Serving the Acoustics Community Since 1994
Cross-Spectrum Acoustics Inc. offers Sound & Vibration Consulting Services
In addition to blogs, plenty of audio and acousticians have made their way to the social media space. In particular I’m referring to all the acoustics and audio types that have made their way to Twitter, including (in no particular order):
I’m sure there are many more that I haven’t discovered yet - if you have a Twitter feed, please let me know so I can follow you. Typical tweet topics include loudspeaker design, home theater, noise control, architectural acoustics, sound reinforcement and more.
I have my own Twitter account but it’s mostly personal musings. I flag my acoustics-related tweets with the #acoustics hashtag and you can find my most recent acoustics tweets on the left column of this page under “Updates from Twitter.”
Update, May 27, 2009:
Update, June 1, 2009:
Another one: James Bellew
Marcus Johnson was asked by a police officer to turn down the volume on his car stereo. He didn’t react well to that request:
Authorities said Johnson became angered when a police officer told him to turn down the music in his car while he was parked at a south Wichita convenience store early on the morning of Jan. 7, 2008.
Johnson drove downtown, turned onto Main and then drove up a ramp into City Hall at an estimated 45 miles an hour.
Kids, don’t do this.
Toby Hatchett from Seacoastonline.com describes his frustration in trying to escape from noise:
I go outside. The helicopter is gone. The jack hammer is not. It is jack hammering away and away, deeper and deeper into the granite. I am guessing it must be granite. Isn’t this the granite state? Isn’t the reason I am losing my sanity? Oh, granite. Would if only you could be as gentle as a peony. See what is happening to my mind?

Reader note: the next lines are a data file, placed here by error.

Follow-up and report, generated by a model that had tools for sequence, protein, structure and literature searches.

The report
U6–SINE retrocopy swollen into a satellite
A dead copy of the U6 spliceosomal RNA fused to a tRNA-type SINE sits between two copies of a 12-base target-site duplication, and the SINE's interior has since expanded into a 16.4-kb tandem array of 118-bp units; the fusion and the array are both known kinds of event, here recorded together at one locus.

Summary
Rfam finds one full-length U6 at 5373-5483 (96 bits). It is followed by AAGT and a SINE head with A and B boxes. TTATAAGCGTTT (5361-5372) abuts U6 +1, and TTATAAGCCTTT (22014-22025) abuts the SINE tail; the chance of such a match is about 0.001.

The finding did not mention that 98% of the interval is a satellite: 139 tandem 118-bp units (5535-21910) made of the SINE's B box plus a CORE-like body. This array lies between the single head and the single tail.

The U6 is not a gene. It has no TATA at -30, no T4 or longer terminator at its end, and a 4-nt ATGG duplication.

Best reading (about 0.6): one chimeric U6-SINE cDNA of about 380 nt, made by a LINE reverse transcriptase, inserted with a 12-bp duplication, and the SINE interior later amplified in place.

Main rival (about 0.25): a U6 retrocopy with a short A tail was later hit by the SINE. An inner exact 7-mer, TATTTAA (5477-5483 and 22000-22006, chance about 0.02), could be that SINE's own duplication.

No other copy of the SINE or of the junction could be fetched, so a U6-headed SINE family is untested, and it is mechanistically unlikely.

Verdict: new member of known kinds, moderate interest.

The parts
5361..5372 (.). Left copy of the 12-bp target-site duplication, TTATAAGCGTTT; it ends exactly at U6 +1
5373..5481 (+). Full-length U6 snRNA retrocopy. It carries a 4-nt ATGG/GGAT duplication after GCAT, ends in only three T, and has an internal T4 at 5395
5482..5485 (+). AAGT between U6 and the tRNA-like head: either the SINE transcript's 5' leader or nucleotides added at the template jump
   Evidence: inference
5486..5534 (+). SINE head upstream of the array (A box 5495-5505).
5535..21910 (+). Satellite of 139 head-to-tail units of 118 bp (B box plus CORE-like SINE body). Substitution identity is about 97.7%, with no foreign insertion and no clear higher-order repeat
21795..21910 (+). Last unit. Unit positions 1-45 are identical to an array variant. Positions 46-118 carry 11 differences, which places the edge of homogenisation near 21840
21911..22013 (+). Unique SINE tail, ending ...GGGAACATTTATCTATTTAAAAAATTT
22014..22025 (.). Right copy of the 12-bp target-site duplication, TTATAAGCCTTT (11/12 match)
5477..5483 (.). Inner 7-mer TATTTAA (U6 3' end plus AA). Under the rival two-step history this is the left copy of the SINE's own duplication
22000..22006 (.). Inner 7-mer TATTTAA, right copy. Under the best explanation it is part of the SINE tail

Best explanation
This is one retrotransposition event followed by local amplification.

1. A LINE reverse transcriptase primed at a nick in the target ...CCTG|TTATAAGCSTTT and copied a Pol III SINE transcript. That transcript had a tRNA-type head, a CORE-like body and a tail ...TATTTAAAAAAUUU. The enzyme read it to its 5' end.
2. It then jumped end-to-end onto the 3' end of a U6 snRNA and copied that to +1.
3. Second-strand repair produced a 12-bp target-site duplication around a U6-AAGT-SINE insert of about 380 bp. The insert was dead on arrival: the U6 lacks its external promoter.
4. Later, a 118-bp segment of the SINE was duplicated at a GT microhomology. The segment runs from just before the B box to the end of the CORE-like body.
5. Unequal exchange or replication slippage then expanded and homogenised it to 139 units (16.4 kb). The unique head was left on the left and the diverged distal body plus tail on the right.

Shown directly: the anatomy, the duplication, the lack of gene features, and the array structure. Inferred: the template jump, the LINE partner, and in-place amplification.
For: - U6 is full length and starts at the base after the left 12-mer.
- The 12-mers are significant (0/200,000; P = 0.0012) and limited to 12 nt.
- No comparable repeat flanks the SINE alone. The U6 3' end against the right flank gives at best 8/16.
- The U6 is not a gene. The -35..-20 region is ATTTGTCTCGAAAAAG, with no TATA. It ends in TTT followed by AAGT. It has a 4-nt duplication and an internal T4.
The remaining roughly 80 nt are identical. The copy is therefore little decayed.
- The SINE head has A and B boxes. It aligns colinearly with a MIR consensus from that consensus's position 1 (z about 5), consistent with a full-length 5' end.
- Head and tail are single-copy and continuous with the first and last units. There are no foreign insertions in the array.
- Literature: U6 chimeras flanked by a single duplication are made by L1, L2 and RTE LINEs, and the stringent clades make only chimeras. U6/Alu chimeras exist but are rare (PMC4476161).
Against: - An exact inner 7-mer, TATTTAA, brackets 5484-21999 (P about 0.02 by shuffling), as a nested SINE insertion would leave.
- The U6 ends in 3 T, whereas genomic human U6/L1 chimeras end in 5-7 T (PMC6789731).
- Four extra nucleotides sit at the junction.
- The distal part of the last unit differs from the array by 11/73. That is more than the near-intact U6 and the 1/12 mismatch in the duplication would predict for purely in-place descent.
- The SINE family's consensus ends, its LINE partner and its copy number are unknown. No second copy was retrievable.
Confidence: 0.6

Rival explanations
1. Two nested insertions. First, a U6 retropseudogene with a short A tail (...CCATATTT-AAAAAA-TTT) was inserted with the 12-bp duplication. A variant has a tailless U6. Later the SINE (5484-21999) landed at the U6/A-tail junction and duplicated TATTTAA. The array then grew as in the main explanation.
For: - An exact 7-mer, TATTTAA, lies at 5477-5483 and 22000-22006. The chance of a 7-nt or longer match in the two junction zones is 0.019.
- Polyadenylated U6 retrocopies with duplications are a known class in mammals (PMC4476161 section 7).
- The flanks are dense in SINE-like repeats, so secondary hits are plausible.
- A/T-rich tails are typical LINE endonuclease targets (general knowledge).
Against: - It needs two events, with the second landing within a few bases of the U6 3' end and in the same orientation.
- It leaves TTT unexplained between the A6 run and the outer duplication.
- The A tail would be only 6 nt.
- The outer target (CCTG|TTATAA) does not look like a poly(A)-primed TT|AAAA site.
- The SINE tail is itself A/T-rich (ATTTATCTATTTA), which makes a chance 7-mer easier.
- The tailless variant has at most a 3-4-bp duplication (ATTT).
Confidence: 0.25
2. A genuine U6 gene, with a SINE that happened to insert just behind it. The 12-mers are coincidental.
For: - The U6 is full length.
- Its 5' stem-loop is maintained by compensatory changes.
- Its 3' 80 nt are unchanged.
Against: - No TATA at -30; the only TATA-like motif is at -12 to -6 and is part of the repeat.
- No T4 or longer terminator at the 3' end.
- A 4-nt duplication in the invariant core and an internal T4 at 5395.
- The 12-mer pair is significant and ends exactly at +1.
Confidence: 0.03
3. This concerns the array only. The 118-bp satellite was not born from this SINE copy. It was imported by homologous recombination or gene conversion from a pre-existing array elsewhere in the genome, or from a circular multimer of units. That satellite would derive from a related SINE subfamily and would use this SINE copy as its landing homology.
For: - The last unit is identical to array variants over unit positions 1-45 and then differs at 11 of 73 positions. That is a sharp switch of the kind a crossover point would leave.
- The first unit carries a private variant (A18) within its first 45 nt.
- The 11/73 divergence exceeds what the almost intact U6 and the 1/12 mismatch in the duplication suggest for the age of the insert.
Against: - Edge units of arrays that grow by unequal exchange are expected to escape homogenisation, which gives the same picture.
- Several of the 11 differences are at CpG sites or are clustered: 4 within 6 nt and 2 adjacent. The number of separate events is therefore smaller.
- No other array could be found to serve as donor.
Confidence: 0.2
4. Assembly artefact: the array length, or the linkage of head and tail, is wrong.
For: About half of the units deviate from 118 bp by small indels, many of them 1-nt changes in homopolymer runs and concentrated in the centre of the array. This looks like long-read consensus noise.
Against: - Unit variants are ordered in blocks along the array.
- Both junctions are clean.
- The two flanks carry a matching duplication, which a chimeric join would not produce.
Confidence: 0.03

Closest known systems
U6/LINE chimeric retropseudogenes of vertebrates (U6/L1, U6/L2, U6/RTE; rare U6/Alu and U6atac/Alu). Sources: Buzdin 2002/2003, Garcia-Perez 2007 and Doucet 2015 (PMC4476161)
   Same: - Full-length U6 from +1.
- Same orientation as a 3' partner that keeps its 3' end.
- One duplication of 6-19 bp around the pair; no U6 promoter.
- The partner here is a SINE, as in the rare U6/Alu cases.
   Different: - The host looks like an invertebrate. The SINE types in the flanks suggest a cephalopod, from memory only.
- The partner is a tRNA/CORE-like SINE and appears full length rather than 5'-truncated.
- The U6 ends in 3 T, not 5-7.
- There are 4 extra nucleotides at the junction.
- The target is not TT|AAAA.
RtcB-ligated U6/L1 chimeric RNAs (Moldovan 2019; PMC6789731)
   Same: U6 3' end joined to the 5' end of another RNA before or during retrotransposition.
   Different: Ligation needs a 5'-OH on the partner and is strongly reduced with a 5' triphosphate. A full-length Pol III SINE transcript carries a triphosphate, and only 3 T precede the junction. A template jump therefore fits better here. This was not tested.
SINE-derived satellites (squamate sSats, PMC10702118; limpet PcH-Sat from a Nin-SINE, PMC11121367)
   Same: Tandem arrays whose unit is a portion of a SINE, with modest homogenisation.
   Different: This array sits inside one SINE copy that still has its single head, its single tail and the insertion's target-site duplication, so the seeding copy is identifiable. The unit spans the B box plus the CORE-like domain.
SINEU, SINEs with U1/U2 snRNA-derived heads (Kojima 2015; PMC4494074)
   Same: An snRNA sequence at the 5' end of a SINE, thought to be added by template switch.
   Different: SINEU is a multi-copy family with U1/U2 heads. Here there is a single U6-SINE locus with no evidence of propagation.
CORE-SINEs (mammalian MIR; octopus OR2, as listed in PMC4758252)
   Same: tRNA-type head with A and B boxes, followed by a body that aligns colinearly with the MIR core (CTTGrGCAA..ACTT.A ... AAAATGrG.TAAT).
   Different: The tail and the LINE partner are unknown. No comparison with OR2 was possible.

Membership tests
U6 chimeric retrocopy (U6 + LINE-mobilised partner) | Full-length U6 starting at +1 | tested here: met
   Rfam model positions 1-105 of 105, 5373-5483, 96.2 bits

Mr. Hatchett also asks “Is there such a thing as ear plugs that will also allow for listening to books on tape?” Thankfully, the answer to that question is “yes” through the use of several brands of in-ear noise isolating headphones.
As I’ve mentioned on this blog before, I have a pair of the Etymotic ER-6 earphones and I love them.
In his address to Congress this past February, President Obama made the following observation:
I think about Ty’Sheoma Bethea, the young girl from that school I visited in Dillon, South Carolina, a place where the ceilings leak, the paint peels off the walls, and they have to stop teaching six times a day because the train barrels by their classroom.
Acoustics does matter in schools - improper room acoustics as well as internal and external noise sources can result in reduced student performances and classroom disruptions. As I have discussed many times in this blog, overcoming bad acoustics isn’t simply a matter of adding a classroom sound reinforcement system after the fact, acoustics is something that needs to considered as an integral part of classroom and school design - there is no off-the-shelf classroom sound system that will compete with a freight locomotive.
I hope that some of the money in the stimulus package used for school construction and renovation will be used to help improve the acoustics of school. Of course being in the field I have some self-interest here, but I think that we acousticians have an important contribution to make. With that, I am encouraged by the announcement that in H.R. 2187 Congress is working toward creating grants to be used for addressing acoustical deficiencies in classrooms:
The House Education and Labor Committee passed H.R. 2187, the 21st Century Green High-Performing Public School Facilities Act, which expanded the classroom noise and acoustics provisions in the legislation. If passed by Congress and signed into law, H.R. 2187 would allow federal grants to be used by districts to take, “measures designed to reduce or eliminate human exposure to classroom noise and environmental noise pollution.” Congressman Joe Sestak (D-PA) also offered a two-word amendment allowing schools to use money on “ceilings [and] flooring.”
Sestak further noted that his congressional district is in the flight path of Philadelphia International Airport with planes flying as low as 500 feet above the ground. He has received reports of children not being able to hear in their schools and has been fighting with the Federal Aviation Administration (FAA) on noise abatement.
[thanks David Lubman]
Will the train damage my home? This is a question we get all the time in our business. The short answer is “probably not.”